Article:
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Transitions require support

Nurses who are new to the workforce or changing their area of practice need the right resources for success.

When newly registered nurses commence employment within the Australian healthcare system, they quickly learn what is truly required of them. Their education continues as they learn to practise as a nurse, reconciling their professional learning with the requirements of the organisation for which they work. Often the reality of employment does not match expectations. We know that the pressure placed upon newly registered nurses when they transition into the workforce has caused some to leave the profession early. I would argue that this is an unnecessary loss; the availability of further support frameworks would lead to greater confidence and job satisfaction, directly affecting nurse retention. However, there is still a space for each and every one of us to do what we can to ensure that the transition for these nurses is one that builds their confidence and capability so they stay to become the core of the future workforce.

It’s also important for us to remember that the concept of transition to practice is not limited to newly registered nurses. Any nurse who is new to an area of practice requires a period of transition; a necessary time of adjustment that will vary from individual to individual. An expectation that a newly registered nurse or a nurse transferring to a new area of practice will function to the same level as someone who has been in an area for a period of time is at best unrealistic and at worst unfair. The nature of nursing as a career is that it requires strong theoretical preparation combined with a high standard of clinical competence. The constant changes within the clinical environment pose difficulties within nursing education in Australia, with graduates’ and those nurses transitioning to a new area of practice often faced with a period of stress. Key to this transition period is one’s ability to analyse both your own and others’ practice, as well as learning to be accountable for your own actions (Chang & Daly 2012, 4).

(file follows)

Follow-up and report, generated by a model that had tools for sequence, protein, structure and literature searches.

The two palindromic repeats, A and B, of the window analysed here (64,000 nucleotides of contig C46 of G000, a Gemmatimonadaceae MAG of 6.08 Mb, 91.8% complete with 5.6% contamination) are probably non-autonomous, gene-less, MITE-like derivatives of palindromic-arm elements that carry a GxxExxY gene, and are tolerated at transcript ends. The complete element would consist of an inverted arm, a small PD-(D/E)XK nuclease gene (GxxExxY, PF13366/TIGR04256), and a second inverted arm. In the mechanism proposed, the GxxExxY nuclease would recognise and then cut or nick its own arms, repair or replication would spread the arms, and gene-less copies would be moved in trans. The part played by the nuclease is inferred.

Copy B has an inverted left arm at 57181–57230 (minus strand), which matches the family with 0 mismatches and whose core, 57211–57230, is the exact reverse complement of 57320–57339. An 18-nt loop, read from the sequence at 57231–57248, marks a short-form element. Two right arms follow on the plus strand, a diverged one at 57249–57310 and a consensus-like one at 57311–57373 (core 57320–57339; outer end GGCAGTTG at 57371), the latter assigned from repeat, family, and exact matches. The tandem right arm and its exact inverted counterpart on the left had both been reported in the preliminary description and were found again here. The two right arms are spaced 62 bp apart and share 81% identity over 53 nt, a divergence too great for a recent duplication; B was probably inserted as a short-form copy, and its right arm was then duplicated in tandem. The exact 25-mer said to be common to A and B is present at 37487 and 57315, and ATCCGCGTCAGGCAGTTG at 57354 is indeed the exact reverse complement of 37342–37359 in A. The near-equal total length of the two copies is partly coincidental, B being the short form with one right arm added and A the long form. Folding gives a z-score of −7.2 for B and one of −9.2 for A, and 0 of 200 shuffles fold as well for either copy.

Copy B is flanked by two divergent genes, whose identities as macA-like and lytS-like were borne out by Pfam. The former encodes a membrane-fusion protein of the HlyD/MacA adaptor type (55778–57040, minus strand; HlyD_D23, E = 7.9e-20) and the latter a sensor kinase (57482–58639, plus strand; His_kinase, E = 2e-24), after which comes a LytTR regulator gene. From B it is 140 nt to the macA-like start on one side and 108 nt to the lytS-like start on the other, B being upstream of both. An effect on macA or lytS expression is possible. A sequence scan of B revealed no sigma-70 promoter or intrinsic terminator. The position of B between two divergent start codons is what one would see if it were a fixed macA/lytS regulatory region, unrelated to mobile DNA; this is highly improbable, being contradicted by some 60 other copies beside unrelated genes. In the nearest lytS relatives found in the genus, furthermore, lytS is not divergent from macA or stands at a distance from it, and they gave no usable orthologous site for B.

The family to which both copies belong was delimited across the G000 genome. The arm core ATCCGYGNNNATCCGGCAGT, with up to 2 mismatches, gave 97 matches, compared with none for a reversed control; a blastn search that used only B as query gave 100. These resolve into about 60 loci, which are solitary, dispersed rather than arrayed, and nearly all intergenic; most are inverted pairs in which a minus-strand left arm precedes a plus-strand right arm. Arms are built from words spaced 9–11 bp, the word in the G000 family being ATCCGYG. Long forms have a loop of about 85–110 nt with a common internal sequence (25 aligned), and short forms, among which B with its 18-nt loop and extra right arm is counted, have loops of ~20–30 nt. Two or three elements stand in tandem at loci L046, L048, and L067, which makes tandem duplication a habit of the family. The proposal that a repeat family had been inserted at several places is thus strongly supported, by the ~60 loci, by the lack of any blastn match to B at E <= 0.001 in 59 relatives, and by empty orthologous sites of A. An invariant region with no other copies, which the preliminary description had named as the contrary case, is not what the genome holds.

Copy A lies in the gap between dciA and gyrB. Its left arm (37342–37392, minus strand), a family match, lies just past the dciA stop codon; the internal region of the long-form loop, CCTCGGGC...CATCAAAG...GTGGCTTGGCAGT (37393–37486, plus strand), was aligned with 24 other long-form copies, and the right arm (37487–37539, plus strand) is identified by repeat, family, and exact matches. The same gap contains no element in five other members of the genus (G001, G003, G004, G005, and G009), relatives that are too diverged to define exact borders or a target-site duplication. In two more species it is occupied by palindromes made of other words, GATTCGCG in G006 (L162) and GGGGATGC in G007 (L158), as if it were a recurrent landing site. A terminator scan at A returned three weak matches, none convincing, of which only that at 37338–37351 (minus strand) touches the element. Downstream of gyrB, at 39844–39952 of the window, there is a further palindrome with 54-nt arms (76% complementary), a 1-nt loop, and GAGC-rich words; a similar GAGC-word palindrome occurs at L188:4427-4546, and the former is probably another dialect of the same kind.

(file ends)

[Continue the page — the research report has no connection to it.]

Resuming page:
When ACN member and newly registered practice nurse Natalie Sharp was asked about her recent experience transitioning from student to registered nurse, she said, “I have found it difficult living up to the expectations of being a registered nurse, having this weight on my shoulders that I should know everything and not put one foot wrong. However, this has enabled me to fully engage with tasks on hand and improved my ability to think critically and reflect on my ongoing practice, while always learning.”

It would be ideal if newly registered nurses and nurses embarking on a change in their area of practice could meet all the expectations required upon them. However, research has shown that development of clinical expertise requires years of immersion in clinical experience (Chang & Daly 2012, 4). Nursing is a profession that requires intelligence, adaptability and critical thinking that translates into the safe delivery of care. We work in high-demand settings, and it should be expected that it takes time and support to adjust to professional nursing practice.